The H&Y Magnetic Filter Holder Enhances the Ergonomics of Your Landscape Photography Workflow

The H&Y Magnetic Filter Holder Enhances the Ergonomics of Your Landscape Photography Workflow

Ergonomics may not be something that is directly discussed in the workshops and classes you’ve attended on landscape photography but as one progresses further into the craft, one will realize that equipment that allow you to adjust and adapt promptly to sudden changes in the scene are crucial in getting the shot that you want. 

Behind the scenes of the long exposure shot

One of the more tedious parts of setting up for a shot is mounting your filters on a filter holder. It can go from a simple screw-in of a circular filter to two, three, maybe even four layers of glass to achieve a certain effect on your photograph. Often, removing, adjusting, or changing your filters take as long as mounting them and sometimes, especially in extreme environments, a matter of a few seconds really make a difference. 

 

A 3-minute long exposure photo with a stack of 4 filters (CPL, 10-stop, 2 0.6 GNDs)

If you’re the kind of photographer who really takes care of their gear, a filter holder can last at least 5 years without really any need for some kind of maintenance. In fact, I’m pretty sure that the first filter holder I got 8 years ago is still functional and is being used by the guy who bought it from me. So really, the only valid reason to get a new filter holder is when something with better durability and/or design comes out and it usually has to be significant for it to be compelling. The last time I decided to change filter holders was when the Benro FH100 came out, one of the first filter holders with a dedicated slot for the Circular Polarizer on the filter holder. It was a breakthrough because before that, you’d have to screw in a CPL on to your lens then the adapter ring to mount your filter holder. That significantly lessened the hassle of mounting filters and I’ve been using that system for the last 3 or 4 years. I really never saw a reason to change into another filter holder until I saw the H&Y K series Magnetic filter holder. Here are the things that really got my attention.  

Mounting

The filter holder generally has the same 2-piece mounting system that has been common for the past decade or so. The adapter ring that goes on the filter thread of your lens, and the filter holder itself. The only significant difference here is the very thin yet very durable adapter ring.

H&Y Filter Holder Adapter ring

The mounting screws are similar to the ones on the Benro FH100 where the screws grasp a good chunk of the adapter ring like upper and lower teeth instead of the kind from the older holder designs that only involve one screw applying questionable friction from one side. This mechanism actually gives you the feeling that your filters are securely mounted and the holder will never fall off unless the entire camera or the entire tripod falls to the ground.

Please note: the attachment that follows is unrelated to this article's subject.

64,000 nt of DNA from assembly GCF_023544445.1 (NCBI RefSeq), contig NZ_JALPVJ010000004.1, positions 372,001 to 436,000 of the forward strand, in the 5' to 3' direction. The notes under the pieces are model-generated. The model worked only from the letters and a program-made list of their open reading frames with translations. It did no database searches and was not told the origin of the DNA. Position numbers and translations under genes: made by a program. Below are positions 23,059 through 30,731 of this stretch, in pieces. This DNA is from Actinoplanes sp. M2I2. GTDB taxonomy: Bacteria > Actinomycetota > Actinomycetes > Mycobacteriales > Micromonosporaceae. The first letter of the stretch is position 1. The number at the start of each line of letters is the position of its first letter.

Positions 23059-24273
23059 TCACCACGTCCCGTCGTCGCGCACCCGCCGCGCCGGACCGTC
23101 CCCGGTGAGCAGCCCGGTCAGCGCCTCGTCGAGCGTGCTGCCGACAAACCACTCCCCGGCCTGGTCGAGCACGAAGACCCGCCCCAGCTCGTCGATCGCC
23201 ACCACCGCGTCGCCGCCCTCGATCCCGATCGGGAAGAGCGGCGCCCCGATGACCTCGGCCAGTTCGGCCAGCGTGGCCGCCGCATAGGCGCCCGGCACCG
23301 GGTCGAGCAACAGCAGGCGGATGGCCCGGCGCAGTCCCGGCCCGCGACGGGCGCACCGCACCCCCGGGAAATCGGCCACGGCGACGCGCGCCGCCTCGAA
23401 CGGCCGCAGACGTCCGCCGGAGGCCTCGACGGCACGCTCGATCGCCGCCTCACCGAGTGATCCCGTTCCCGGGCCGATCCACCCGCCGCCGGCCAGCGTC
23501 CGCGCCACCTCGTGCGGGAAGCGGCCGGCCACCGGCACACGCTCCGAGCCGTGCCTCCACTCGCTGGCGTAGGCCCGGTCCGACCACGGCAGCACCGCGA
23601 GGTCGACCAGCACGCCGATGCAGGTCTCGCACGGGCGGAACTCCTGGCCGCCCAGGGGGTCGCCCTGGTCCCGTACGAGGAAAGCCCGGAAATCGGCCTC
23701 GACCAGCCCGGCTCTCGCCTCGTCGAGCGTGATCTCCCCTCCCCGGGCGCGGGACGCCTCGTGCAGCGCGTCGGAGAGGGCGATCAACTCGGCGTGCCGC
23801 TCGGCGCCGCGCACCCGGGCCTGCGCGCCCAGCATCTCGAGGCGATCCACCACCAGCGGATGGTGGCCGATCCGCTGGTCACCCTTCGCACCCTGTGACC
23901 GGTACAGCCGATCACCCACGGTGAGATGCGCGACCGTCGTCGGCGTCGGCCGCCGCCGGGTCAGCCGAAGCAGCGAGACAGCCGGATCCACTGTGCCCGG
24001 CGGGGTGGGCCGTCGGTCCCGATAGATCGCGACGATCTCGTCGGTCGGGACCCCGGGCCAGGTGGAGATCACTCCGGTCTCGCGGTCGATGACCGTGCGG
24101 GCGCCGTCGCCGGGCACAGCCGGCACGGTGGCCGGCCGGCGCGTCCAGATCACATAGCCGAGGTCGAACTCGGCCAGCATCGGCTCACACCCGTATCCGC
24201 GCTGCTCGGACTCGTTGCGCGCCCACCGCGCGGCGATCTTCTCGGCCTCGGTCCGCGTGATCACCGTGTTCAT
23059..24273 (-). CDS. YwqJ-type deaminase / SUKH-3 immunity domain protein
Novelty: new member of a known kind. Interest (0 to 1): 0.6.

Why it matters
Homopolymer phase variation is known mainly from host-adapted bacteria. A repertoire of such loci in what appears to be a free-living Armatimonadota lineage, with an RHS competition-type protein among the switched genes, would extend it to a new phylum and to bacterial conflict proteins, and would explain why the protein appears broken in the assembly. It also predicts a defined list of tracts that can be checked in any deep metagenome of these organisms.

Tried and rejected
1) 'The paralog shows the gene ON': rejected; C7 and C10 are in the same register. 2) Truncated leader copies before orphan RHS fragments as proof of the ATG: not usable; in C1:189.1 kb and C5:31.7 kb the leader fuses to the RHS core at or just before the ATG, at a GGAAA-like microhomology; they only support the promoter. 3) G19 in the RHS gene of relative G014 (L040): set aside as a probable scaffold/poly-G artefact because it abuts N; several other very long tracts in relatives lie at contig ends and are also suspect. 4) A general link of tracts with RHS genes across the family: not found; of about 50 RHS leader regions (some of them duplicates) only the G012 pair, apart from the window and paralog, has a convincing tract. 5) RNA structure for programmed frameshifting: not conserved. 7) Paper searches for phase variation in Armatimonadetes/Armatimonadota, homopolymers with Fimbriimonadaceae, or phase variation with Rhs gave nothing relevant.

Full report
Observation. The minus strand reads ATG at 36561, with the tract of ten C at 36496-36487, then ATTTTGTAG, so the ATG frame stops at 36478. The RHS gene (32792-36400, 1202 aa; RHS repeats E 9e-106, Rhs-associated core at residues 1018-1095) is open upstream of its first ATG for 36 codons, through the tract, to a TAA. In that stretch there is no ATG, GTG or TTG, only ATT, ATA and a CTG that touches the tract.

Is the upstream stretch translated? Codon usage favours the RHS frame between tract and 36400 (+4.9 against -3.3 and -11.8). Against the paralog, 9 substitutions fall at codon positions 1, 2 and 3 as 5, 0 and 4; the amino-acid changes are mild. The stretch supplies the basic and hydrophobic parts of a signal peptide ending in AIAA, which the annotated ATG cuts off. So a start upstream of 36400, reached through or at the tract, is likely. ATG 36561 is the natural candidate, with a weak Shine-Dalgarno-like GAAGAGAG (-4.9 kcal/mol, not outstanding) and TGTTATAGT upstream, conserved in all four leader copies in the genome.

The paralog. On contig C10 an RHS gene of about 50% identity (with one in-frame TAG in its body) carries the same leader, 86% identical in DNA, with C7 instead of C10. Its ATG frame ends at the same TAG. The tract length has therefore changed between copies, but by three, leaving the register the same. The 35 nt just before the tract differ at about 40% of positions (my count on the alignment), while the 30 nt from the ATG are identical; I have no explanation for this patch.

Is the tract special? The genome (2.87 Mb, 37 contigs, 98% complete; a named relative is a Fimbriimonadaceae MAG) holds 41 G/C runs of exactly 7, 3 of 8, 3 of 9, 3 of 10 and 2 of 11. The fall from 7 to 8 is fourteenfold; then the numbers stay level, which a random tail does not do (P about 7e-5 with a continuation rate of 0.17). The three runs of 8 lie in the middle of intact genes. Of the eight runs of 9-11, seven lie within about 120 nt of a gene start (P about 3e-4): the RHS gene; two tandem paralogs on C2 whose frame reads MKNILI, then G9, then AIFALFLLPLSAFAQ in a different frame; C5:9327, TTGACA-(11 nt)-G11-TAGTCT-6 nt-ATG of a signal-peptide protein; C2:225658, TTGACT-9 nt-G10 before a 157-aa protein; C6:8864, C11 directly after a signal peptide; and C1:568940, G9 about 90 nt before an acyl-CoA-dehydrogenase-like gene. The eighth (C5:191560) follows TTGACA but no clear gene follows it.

Holding the camera by the filter holder, the mounting doesn’t fail

 

CPL Slot

Drop-in CPL

The CPL slot may very well be the only part of this setup that is brand-exclusive since the slot is very specific to the specifications that H&Y made for this filter system. The CPL filter is a drop-in filter on the very first (and only) slot of the holder. There is no thread involved so the amount of time to mount the filter decreased from 3-5 seconds to just a mere snap.

CPL control gear

The dedicated CPL has a gear on the top-left corner that allows for easy access to rotating the filter without having to rotate the entire setup. There are also variants of the CPL that are combinations of CPL and various types of ND.

 

Protection

Glass filters in Magnetic frame

Glass filters have pretty much wiped out the popularity of resin filters because glass filters have generally proven to be more color neutral. The down-side of this, of course, is that while they are not as prone to scratches as the resin filters, they have more affinity to breaking even with just one standing-height drop. There are glass filters that are said to be shock-proof but they come with a bigger price tag. The H&Y K series filter holder makes use of hard plastic filter frames that require a few minutes of assembly but provide for some additional protection on the rims of the filter. So in case your filters fall to the ground with the sides taking impact, they have better chances of surviving. Do note that the installation of the frames may get a bit tedious but rest assured that you would only have to do it once. 

 

ND Filters

This is the highlight of this filter system. For all other filter holders, filters would have to be inserted into slots one at a time. I personally follow a pattern that puts the densest filter (mostly a 10-stop) on the slot nearest the lens to give the AF a better chance at focusing when the field gets too dark. For all other filter holders, that would mean that the rectangular GND would be in front and changing the filter on the first or second slot would mean having to remove all other filters and that’s precisely what takes time.

Mounting the first layer on the side rails

 The H&Y K series filter holder uses magnets to mount the ND and GND filters (in their individual frames) much faster. You can either attach them one by one by simply putting the filter on the front most surface between the guide rails then latching each one on top of the other, or assemble your stack of filters on-hand before latching them all with the same motion. The side rails that affix to the first layer has ridges that give a better grip on the frame and a screw on the side allows you to tighten or loosen the side rails. The ridges also give you a bit of a tactile feedback for when you slide your filters up and down for certain positions of your GND.